Mars Inc. is considering the purchase of a new machine which will reduce manufacturing costs by $5,000 annually. The machine falls into the MACRS 3-yr class, (33%, 45%, 15%, and 7%) and it would be sold at the end of its 2-year operating life for $1,800. The machine would require an increase in networking capital by $2,000 when the machine is installed but the required working capital will return to the original level when the machine is sold after 2 years. Mars’s marginal tax rate is 40 percent, and it uses a 12 percent cost of capital to evaluate projects of this nature. If the machine costs $6,000 and the installation cost is $1,000, what is the project’s NPV? If the answer is $123.45, enter 123.45 (two decimals). The Marcos Company issued $100,000 of 30-year, $1,000 par value bonds with a coupon rate of 7% ten years ago. The bonds with a call price of $1,040 were sold at a discount of $30 per bond.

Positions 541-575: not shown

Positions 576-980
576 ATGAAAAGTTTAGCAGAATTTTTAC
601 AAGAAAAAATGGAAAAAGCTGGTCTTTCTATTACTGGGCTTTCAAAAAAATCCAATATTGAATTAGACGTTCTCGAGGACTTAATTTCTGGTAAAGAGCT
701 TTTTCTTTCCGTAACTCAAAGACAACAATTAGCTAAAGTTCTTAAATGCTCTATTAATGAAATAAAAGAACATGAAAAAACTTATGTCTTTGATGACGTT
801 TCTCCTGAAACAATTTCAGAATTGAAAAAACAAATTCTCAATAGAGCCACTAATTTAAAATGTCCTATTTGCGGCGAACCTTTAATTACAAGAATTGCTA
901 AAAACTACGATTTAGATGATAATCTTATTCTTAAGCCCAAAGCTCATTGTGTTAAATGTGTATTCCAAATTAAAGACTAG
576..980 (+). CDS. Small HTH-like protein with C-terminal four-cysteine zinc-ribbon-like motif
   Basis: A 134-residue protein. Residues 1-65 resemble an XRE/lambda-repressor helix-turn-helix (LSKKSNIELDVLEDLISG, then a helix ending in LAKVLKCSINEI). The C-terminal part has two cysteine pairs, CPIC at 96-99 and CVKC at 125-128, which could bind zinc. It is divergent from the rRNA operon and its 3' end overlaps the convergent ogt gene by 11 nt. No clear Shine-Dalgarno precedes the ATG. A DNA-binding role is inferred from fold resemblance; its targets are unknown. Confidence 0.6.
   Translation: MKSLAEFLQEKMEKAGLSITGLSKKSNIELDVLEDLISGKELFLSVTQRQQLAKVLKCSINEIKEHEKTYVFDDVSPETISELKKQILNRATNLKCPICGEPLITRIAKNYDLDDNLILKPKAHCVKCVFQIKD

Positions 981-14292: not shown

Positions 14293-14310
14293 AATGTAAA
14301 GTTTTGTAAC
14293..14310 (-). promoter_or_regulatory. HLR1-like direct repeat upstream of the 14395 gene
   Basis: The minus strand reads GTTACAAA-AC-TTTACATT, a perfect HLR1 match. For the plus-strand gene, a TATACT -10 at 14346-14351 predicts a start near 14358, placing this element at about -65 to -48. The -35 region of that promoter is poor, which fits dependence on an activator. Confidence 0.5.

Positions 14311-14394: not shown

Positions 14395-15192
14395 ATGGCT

The initial flotation cost was $6,000. The company wishes to sell a $100,000 new issue of 6%, 20-year bonds in order to retire its existing bonds. The company intends to sell its new bonds at their face value of $1,000 per bond. The flotation costs of the new issue are estimated to be $8,000. The company’s marginal tax rate is 40% and the new bonds are sold three months before the old bonds are called. What is the annual net cash outflow (ANCO) on the old bonds? If the answer is $5,500, just enter 5500 without a dollar sign or comma. You are considering the purchase of a common stock that just paid a dividend of $4.00 (D0 = $4.00). You expect this stock to have a growth rate of 8 percent per year for two years from t=0 to t=2, and then to have a long‑run normal growth rate of 4 percent from t=2. If you require a 14 percent rate of return, how much should you be willing to pay for this stock? For more information on Manufacturing Costs read this: https://en.wikipedia.org/wiki/Manufacturing_cost